Urban green energy presents challenges which are more difficult to meet than the needs of rural and semi-rural areas. There is simply a far greater demand for power from more people all packed in tightly together, including industry and business premises which are prolific users of electrical power, and now data storage banks which need to be constantly maintained. The unique problems of metropolitan areas are not impossible to solve, but it is likely that the solution will involve the use of land immediately outside of the area.
The first technology which usually comes to mind when people start discussing renewable energy is solar power, and this undoubtedly has the potential to provide the power for much of the energy needs of a major city. It can power domestic properties, some industrial and commercial centres, and it can also provide much of the power for rail based transit systems. Using solar power in urban areas is more difficult, as there is less roof space for every individual living in the city, but it can certainly make an impact upon the amount of electricity which has to be provided through the grid system.
The use of wind and water power is even more difficult in urban areas, but they cannot be ruled out completely. Wind power installations only have limited potential when used on buildings, partly because of the need to access to high winds, and partly because of building and noise pollution regulations. There is no reasons why wind farms cannot be used to provide power for cities, but they need to be located outside the city boundaries. The most effective wind farms are those which are located offshore, and this is a possibility for powering cities which are located on a windy coastline.
The most difficult issue of all in generating urban green energy is in powering industrial plants. There is not only a heavy demand for the electricity itself, there are also often power surges which demand the ability to dramatically increase consumption. Many industrial complexes take up a large area of space, and therefore have the potential to generate solar power from installations on the roof of extremely large buildings. As of now, solar panels would not be powerful enough to provide all of the power needs of industrial centres, but this could change in the future with far more powerful photovoltaic panels.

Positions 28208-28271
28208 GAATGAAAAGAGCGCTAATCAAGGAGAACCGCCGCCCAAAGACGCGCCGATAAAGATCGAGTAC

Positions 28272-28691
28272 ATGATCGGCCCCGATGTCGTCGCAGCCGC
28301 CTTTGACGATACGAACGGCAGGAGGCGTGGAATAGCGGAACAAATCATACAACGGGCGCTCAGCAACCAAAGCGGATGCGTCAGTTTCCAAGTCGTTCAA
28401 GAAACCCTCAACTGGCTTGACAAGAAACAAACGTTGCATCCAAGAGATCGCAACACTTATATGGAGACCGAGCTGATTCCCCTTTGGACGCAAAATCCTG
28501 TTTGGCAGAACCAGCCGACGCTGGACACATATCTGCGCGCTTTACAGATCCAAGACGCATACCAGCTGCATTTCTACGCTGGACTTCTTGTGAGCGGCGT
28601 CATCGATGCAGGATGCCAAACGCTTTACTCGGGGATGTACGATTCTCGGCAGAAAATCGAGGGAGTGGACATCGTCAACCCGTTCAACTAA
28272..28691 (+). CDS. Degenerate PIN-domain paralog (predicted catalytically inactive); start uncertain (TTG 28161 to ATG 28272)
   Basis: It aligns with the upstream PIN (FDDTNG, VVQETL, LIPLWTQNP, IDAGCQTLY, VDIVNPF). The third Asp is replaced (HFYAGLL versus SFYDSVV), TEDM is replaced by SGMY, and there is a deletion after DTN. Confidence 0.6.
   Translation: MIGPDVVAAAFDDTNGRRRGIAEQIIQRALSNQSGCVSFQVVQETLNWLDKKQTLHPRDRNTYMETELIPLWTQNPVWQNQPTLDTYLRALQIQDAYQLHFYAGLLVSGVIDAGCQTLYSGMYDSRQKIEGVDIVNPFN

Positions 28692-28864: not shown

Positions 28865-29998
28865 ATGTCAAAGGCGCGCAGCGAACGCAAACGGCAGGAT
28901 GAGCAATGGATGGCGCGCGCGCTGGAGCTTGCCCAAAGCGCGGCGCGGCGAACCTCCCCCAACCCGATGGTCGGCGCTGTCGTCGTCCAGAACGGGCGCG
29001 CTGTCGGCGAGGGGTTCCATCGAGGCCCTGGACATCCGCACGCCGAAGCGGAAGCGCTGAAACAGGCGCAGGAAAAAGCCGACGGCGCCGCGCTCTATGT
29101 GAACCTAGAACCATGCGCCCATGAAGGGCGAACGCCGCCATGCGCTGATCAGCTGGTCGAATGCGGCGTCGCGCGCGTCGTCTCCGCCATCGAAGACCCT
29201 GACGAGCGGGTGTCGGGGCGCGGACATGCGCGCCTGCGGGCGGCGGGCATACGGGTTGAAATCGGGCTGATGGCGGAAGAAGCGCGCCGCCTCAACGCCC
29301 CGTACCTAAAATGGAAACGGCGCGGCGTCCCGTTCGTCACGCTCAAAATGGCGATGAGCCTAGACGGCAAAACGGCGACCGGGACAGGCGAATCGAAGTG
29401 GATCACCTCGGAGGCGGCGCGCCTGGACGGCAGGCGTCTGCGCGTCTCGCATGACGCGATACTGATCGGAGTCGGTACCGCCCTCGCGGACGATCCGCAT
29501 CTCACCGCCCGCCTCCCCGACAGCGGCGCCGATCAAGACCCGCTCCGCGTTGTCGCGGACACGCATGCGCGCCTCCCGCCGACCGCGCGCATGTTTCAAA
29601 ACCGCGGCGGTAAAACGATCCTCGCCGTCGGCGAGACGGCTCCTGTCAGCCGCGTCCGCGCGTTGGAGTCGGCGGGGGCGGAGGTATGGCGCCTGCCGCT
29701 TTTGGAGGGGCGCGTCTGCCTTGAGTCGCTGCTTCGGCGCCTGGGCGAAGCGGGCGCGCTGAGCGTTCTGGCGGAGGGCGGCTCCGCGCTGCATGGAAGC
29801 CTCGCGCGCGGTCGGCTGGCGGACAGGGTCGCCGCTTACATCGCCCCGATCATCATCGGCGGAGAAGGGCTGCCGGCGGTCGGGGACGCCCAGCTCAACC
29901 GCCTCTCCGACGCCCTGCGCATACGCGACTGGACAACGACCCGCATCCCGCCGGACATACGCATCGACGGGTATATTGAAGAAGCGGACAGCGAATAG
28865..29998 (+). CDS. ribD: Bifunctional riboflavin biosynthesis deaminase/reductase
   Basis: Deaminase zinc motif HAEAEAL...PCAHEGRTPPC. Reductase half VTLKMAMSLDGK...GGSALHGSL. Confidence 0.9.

Houses in urban areas are able to generate electricity just as well as those in rural areas, at least by using solar panels on the roof. The amount of roof space dictates how many photovoltaic panels can be placed on top of the house, while the surrounding area dictates how much sun will actually fall on the roof. In areas of detached houses which are set some distance apart, there is no reason why an urban house should not receive as much light as most rural houses. With more powerful solar panels, it will be possible to generate enough electricity to power an entire community.
The generation of urban green energy will continue to be a difficult issue for those trying to reduce dependence upon fossil fuels. It is clear that only a part of the energy needs of a city can ever be produced within the boundaries of the metropolitan area itself, but that does not mean a city cannot effectively become self sufficient. Many cities are located near the coast, giving the possibility of powerful offshore installations to fuel most of the city’s needs. There are other cities close to desert areas where solar installations could be created. There is a potential, eventually, for all needs to be met by urban green energy.